How Has Postechians’ Winter Recess Changed With COVID-19?
How Has Postechians’ Winter Recess Changed With COVID-19?
  • Reporter Han Sang-yun, Lee Seung-joo
  • 승인 2021.02.27 23:45
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▲The percentage of responses to “Did your plans for the winter recess change due to COVID-19?”
▲The percentage of responses to “Did your plans for the winter recess change due to COVID-19?”

 

 

For Postechians, recesses are opportunities to free themselves from studying and take time for new experiences. Some learn social relationships during internships, some study more deeply by conducting research in laboratories, and some sing and dance with their club members. However, due to the COVID-19 pandemic, such activities were difficult to hold face-to-face, and so many had to be canceled or downscaled. To find out how students’ winter recess has changed, The Postech Times surveyed Postechians’ 2020 Winter Recess activities from Jan. 20 to Jan. 27, 2021. A total of 69 answers were collected. 
Three questions were inquired regarding the plans and activities conducted during the 2020 Winter Recess: “Did your plans for the winter recess change due to COVID-19?”, “If the pandemic didn’t happen, what activities would you do this winter?”, and “What are the activities you are actually doing this recess?”. A survey on their satisfaction level was also conducted: 5 points if very satisfied, 4 points if satisfied, 3 points if moderate, 2 points if unsatisfied, and 1 point for very unsatisfied. 
According to the survey, 75.36% of students replied that their plans for the 2020 Winter Recess were altered. Extreme changes in student’s plans are evidently shown by the figure above. Prior to the pandemic, the top two most popular activities planned were long-term trips (38.46%) and club/student activities (21.15%). However, long-term trips were completely canceled since zero replies were collected as activities done after the pandemic. Furthermore, less than half of those who planned to spend their recess on club/student activities got to stick to their plans (9.62%). 
Instead, activities that were capable to be done within the social distancing standards were adopted by many students as a backup plan. The percentage of students involved in undergraduate research programs rose from 7.69% to 32.69%. Such results are likely due to the school’s decision to permit those who lived in dorms during the 2020 fall semester to participate in the research programs face-to-face under  restrictions to not leave Pohang during the winter recess. Those living outside Pohang were also able to move into dorms to participate if they submitted negative COVID-19 test results. Moreover, the percentage of students involved in winter session courses also rose from 5.77% to 15.38%. The winter session courses were held non-face-to-face at POSTECH and at most universities in exchange student agreements with POSTECH, such as Yonsei University, KAIST, and Ewha Womans University.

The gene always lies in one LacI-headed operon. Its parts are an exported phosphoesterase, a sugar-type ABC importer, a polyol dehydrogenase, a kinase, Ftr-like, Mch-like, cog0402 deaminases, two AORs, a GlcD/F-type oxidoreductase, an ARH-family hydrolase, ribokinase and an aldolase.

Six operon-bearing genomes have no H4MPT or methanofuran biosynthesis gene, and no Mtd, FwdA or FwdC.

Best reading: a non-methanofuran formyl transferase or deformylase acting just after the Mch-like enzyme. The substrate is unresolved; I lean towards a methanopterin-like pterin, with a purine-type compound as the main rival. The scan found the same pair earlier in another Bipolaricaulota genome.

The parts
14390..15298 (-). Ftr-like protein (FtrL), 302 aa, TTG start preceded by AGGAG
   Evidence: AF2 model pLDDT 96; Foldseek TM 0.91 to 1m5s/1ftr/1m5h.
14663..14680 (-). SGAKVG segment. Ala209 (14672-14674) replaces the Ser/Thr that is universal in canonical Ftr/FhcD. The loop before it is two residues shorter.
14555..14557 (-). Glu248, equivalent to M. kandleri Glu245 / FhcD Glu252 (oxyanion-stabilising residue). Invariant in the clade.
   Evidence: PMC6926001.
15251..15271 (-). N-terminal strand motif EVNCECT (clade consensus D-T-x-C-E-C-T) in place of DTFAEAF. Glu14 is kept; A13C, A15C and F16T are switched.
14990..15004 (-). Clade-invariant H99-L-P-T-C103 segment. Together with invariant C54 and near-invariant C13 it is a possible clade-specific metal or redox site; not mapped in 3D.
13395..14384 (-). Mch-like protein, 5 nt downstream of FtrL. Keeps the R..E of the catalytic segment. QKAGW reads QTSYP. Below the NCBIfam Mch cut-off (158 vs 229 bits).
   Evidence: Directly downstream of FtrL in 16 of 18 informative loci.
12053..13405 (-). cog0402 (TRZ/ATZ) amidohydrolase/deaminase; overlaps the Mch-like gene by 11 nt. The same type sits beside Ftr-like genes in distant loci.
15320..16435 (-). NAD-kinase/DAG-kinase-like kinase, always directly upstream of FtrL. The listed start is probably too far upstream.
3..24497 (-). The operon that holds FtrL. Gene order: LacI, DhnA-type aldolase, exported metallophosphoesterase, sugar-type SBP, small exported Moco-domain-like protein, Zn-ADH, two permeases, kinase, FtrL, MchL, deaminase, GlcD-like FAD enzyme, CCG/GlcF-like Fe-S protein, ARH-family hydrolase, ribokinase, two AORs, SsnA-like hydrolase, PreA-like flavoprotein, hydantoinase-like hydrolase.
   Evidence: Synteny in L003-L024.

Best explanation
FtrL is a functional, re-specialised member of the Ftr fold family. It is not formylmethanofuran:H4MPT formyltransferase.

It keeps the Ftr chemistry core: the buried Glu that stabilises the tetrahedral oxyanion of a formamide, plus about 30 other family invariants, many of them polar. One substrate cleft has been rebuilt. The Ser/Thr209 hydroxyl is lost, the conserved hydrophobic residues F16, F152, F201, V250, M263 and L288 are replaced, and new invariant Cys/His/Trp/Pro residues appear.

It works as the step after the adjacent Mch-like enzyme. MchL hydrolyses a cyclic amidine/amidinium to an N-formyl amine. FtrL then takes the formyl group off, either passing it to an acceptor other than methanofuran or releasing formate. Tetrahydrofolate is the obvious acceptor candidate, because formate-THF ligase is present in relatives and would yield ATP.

Conclusively, undergraduate research programs (32.69%) and winter session courses (15.38%) became the most popular activities conducted during the 2020 Winter Recess. The average satisfaction rate of students who modified their winter plans resulted in 3.42 out of 5.
The other 24.64% of students whose plans remained unchanged participated mostly in undergraduate research programs (41.18%) and internships (17.65%). The average satisfaction level was 4.06.
The level of satisfaction also varied by activity. Those who participated in undergraduate research programs averaged the satisfaction level to 3.88, which is 0.3 higher than the total average satisfaction level of 3.58. Students who participated in internship programs also showed a high satisfaction level of 3.86 despite the fact that most internships were held partially online. 
On the other hand, the satisfaction level of club/student activity was overall 3.33, which is lower than average. In the case of club/student activity, the prohibition of gatherings of five or more people limited the range of possible activities. An anonymous member of Cheero, the cheerleading club, said, “During the first two weeks of practice, we had to split into groups of less than five members. Therefore, it was hard to check the directions of our movements, and we had trouble coordinating the movements of all members.”Also, those who were forced to use their winter break to rest showed the lowest satisfaction level of 2.88, which is 0.7 lower than average.


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